When you create a video game, you most probably place the player in the game world with other non-playable characters. They can be enemies or can be neutral. In the later situation, it is not much logic to implement, but a behavior of enemies is more complex. A typical case is to make them to detect the player, to chase (to follow) and to attack. In this post I would like to demonstrate you this “bare bone” logic, that includes simple code to define aforesaid aspects.

How does an enemy detect the player

The first element of the enemy behavior is an ability to detect the player. There are various techniques to do so, but I discovered that the most common approach is to use Area components to do so. Each Area element can detect other objects (bodies), that enter or leave it. A particular zone of detection can be defined with collision shapes or collision polygons. I found an interesting pattern – use a collision polygon and define with it a scope of vision of an enemy. Take a look on the screenshot below and you will see that, it is similar to a human scope of vision.

A basic idea is simple: when a body (player) enters this collision polygon scope, it will be detected. Godot uses a concept of signals – they are also called observers in reactive programming; you can find more here, we will not stop on them – and once the detection occurs, the Area will trigger a signal method _on_Area_body_entered(body). On this step we need to store a reference to a target, so an enemy can use it later (to chase or to attack). Similarly, once the player leaves this area, will be triggered a signal method _on_Area_body_exited(body) and the reference of the target should be removed.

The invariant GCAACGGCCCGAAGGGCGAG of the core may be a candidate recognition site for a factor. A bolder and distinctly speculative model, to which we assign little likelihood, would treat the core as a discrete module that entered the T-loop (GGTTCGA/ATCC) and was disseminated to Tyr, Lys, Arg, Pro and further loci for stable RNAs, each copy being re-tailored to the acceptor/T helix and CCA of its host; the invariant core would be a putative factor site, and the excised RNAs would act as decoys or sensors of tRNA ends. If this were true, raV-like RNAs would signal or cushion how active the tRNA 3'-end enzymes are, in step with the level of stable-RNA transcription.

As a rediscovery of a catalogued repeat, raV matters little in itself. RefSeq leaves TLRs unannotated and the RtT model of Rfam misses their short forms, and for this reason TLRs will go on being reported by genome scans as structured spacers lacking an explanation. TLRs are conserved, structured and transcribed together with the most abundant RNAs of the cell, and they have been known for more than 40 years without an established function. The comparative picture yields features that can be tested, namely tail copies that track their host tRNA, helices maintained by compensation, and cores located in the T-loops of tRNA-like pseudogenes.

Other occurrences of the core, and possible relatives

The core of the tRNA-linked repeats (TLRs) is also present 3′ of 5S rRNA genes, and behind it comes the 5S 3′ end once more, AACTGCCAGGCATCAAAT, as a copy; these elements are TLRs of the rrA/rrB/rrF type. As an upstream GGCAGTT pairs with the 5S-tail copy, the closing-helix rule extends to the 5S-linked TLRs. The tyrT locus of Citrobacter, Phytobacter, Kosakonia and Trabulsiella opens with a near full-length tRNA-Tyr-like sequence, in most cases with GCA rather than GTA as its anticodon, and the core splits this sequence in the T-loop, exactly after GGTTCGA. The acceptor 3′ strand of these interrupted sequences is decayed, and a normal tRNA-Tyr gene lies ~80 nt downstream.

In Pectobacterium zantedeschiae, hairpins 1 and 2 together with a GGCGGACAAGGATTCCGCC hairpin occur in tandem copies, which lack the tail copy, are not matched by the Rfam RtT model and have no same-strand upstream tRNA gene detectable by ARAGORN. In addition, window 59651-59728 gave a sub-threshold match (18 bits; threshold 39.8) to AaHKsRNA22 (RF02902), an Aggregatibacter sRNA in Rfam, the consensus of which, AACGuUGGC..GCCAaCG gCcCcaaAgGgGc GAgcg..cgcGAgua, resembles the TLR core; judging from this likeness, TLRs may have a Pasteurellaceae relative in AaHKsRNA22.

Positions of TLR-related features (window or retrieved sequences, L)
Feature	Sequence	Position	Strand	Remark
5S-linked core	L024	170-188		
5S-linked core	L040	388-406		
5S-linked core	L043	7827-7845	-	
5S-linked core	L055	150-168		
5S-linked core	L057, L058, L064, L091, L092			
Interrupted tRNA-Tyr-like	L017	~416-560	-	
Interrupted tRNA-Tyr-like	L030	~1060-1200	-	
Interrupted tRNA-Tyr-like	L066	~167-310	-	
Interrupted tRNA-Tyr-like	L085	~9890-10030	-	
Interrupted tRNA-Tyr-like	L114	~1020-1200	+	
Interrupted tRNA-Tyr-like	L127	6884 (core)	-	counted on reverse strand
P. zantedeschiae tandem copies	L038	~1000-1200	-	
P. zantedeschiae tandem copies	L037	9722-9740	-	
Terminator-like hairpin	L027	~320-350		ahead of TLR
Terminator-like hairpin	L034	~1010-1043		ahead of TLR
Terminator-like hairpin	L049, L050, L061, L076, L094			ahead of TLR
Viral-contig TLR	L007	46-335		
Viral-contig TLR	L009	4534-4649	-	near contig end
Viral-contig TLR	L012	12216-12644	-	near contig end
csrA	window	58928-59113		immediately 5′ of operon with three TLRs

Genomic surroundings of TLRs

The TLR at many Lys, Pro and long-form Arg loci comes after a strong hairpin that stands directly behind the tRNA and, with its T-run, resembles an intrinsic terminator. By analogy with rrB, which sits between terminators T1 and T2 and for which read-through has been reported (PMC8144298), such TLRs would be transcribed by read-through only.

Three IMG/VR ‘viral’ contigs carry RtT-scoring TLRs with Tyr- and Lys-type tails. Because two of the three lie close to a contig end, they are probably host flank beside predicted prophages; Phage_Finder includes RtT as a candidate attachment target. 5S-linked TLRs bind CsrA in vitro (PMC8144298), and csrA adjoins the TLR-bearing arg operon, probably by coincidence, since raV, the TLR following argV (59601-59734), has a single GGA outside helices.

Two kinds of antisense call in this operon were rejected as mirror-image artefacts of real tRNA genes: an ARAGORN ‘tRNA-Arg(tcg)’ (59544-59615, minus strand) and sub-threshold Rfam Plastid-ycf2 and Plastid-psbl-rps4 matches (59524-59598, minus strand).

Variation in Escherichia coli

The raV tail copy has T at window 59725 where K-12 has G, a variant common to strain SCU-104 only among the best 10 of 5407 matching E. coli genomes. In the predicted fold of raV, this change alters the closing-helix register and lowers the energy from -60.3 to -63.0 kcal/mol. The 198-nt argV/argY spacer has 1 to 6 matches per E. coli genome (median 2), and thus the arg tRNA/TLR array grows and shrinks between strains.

This logic is implemented in the following code snippet:

func _on_Area_body_entered(body):
    if body is Player:
        target = body as Player


func _on_Area_body_exited(body):
    if body is Player:
        target = null

Please note, that I use class names in my code. An alternative way is to use groups, like that:

func _on_Area_body_entered(body):
    if body.is_in_group('Player'):
        target = body as Player


func _on_Area_body_exited(body):
    if body.is_in_group('Player'):
        target = null

To be honest, GDScript is not Java in terms of object-oriented design and has known limitations, especially when it comes to types. This topic is outside of the scope of this post, and I think it requires a separate research, however what I want to say you here is that it really does not matter which style would you prefer to use in your project – with class types or groups.

Chase the player

Once, the player is known, the enemy can start to chase the player and once it will be close enough (in a shooting range), an enemy will attack. But let go step by step and begin with a chasing behavior. From a technical point of view, the process of chasing consists of two stages (or parts):

  • An enemy orients in the player’s direction (or simply speaking, rotates to the player)
  • An enemy moves close to the player

For the first point it is very simple. As the enemy is a typical KinematicBody, we can use a built-in method look_at(). This function accepts as the first argument a Vector3 object, that defines a position of the target and rotates an enemy, that its -Z axis will point towards the target’s position. The second argument is Vector3.UP, that defines a rotation pivot for the target. As the method is built-in we don’t need to write a lot of code: